Mothers in Music.
The Oh Yeah Music Centre is seeking participants for a project titled ‘Mothers in Music’, a twelve-week song writing progamme designed for female musicians with caring responsibilities.
The project which is supported by the Spirit of 2012 Carers’ Music Fund, aims to provide 15 women that have found it difficult to progress in music due to caring and parenting duties, with an opportunity to reconnect, regain confidence and get back into writing, recording and performance again. The project will involve song writing, music making and studio time. It will also involve a showcase at Women’s Work festival, an annual celebration of women in music, which takes place in June across Belfast. Full consultation will take place with participants at the beginning to assess the needs of the group to ensure any barriers to participation will be removed so that everyone involved can take part with confidence and with support where needed.
The ‘Mothers in Music’ project is one of four separate cohorts of female carers that will take part in a 12 week bespoke programme tailored to each of the groups involved. The other cohorts include a partnership with the Black Box Belfast and their Black Moon and Mini Moon programme, with a second cohort engaging woman from ethnic minority and refugee groups. A third cohort is under way at Newington Day centre with a focus on female carers of loved ones living with Dementia, with this fourth cohort designed to recruit female musicians with parental caring responsibilities.
Charlotte Dryden from Oh Yeah said “When we were developing this project we wanted to bring female carers together that are going through similar experiences, so we decided to split it into four cohorts. And seeing as this programme is about improving wellbeing through music we felt that one of the cohorts should be for musicians themselves. This idea was very much informed by discussions that we were having at our annual Women’s Work music festival around being a mother and working in music. Some of the feedback we received from respondents included better opportunities for mothers to take part. When we saw the Spirit of 2012 application for the very thing we wanted to do, we knew we had to make it happen.”
The Carers’ Music Fund has been made possible by funding Spirit of 2012 has received from the Tampon Tax Fund, awarded through the Department for Digital, Culture, Media and Sport (DCMS). Carers’ Music Fund projects target women and girls who are lonely and isolated because of their caring responsibilities. These projects engage girls and women in music activities with the aim of reducing loneliness, improving their mental health and wellbeing, and challenging and changing gendered perceptions of and attitudes towards caring. UK statistics show that women make up the vast majority of carers, 72% of those in receipt of carers allowance are women, and parenting duties for infant children are still mostly done by women. Loneliness among carers is extremely high: 8 in 10 say they are socially isolated because of their caring responsibilities, and according to ONS figures carers are 22% more likely to experience mental ill health than the general population.
Ruth Hollis, Chief Executive of Spirit of 2012, said “We’re delighted to be supporting the Oh Yeah Music Centre in Belfast to deliver the Women’s Work project. At Spirit we’re passionate about the power of the arts to bring communities together, break down barriers, and increase happiness. Carers play a vital role in society, but often end up having to give up the hobbies and interests that support their wellbeing, and can become lonely and isolated from others. That’s why it’s great that Oh Yeah are working to reach female carers who have lost touch with their music-making to help them reconnect with their love of music in a supportive group environment.”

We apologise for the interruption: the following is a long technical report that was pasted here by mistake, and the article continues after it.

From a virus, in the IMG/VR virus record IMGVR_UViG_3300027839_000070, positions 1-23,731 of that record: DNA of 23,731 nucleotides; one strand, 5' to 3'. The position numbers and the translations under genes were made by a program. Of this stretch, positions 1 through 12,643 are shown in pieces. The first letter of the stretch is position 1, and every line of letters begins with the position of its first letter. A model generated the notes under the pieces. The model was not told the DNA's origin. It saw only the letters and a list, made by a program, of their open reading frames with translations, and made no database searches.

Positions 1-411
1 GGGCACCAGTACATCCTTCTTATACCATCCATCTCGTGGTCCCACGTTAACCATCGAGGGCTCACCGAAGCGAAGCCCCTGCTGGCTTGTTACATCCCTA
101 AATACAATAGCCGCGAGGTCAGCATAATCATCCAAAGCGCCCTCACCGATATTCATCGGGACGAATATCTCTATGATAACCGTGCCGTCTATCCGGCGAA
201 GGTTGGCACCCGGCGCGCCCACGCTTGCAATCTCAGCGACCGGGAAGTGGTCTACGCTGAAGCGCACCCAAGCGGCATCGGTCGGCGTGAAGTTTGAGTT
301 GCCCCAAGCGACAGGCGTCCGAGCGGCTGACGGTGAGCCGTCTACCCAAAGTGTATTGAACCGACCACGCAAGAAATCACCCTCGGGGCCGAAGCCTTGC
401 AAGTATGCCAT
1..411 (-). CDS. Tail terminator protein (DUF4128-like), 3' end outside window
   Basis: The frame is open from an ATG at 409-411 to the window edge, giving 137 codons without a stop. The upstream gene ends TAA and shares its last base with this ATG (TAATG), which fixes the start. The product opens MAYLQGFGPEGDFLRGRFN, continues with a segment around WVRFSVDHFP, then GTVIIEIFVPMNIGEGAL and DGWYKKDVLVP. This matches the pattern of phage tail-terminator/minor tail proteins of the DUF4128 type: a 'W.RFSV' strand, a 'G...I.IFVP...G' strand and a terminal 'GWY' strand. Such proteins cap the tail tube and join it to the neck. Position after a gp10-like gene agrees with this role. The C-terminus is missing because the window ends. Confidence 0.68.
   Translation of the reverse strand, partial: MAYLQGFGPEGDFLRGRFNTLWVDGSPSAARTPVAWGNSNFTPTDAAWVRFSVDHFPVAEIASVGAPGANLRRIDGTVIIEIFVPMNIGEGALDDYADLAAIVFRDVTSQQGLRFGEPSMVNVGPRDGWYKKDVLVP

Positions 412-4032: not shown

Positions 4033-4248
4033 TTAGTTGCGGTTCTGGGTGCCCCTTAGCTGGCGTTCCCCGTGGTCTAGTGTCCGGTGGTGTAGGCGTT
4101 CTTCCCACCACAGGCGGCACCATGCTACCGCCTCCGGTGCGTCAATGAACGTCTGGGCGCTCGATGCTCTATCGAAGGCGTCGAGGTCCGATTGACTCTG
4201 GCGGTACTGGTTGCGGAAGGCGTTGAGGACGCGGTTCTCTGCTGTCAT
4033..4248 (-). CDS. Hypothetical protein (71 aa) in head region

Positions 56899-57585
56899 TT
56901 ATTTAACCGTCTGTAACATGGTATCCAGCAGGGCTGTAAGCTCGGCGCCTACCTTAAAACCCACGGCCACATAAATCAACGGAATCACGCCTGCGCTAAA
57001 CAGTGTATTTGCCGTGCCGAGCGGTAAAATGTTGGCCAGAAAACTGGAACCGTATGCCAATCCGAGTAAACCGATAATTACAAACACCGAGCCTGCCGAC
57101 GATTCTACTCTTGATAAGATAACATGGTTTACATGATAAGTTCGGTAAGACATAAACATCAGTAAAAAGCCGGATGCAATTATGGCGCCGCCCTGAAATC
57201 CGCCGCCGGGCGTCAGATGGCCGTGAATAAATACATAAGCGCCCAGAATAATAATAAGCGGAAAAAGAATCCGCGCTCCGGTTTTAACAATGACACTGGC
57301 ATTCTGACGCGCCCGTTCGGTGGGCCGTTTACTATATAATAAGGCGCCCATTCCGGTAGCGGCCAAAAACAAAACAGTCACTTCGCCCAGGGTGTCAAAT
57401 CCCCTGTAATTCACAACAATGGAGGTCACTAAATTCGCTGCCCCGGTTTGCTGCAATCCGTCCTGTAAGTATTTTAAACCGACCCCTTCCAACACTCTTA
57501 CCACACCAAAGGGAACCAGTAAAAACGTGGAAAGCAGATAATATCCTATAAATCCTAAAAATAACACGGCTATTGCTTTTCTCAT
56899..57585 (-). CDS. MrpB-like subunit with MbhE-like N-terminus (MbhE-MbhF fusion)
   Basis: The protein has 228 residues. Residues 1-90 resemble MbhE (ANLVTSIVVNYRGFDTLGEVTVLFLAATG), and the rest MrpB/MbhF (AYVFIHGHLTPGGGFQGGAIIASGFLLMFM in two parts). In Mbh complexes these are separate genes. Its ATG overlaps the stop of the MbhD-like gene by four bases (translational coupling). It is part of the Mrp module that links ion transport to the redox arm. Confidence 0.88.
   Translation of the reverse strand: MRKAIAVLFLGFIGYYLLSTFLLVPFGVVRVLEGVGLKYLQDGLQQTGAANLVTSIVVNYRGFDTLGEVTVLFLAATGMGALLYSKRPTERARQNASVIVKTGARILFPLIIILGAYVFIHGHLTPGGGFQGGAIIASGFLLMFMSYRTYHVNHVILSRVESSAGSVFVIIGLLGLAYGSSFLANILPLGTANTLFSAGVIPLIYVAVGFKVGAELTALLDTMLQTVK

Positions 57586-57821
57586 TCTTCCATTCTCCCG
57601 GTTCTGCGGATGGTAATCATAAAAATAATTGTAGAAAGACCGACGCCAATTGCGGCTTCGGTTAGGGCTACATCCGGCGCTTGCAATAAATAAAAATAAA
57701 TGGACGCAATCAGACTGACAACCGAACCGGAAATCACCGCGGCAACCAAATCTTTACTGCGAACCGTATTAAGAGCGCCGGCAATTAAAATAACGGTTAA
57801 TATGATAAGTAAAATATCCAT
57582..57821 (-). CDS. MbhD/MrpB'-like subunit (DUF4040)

For more info and to apply MOTHERS IN MUSIC
Caring for others is hugely rewarding, but it can also be isolating and lonely. We are keen to recruit participants that may be experiencing some of the following:
• A new mother, feeling isolated by parenting responsibilities, or caught between caring for children and
ageing parents or family dependants.
• Musicians as carers with less time than before for music creation that would like to start writing and
• Musicians (including aspiring and emerging) as carers that would like to reconnect, regain confidence,
increase self-esteem and sense of potential through the creative process while in the company of peers and
fellow music makers.
• Participants do not need to be receiving carers allowance to participate in this project and do not need to be live-in or full-time carers.
• This project aims to remove the barriers to participation and so through consultation we plan to ensure that participants will be able to attend as many sessions as possible, benefit from working as a collective group (suitable times/dates etc) and determine whether or not participants require access to alternative provision for any children in their care while they take part.
• The first consultation with participants will take place in February 2020 to determine the needs as well as
any musical levels/background.
• The first of the 12 sessions will take place in March 2020 and be completed by the end of May.
• There is a showcase element for participants that would like to perform that will take place during Women’s Work festival in June.
• During the project we will be required to gather feedback on the project from participants for reporting
If you are interested in taking part please fill in the short form below. All info provided will be kept strictly confidential and for internal purposes only.
Places will be allocated on first come first served basis.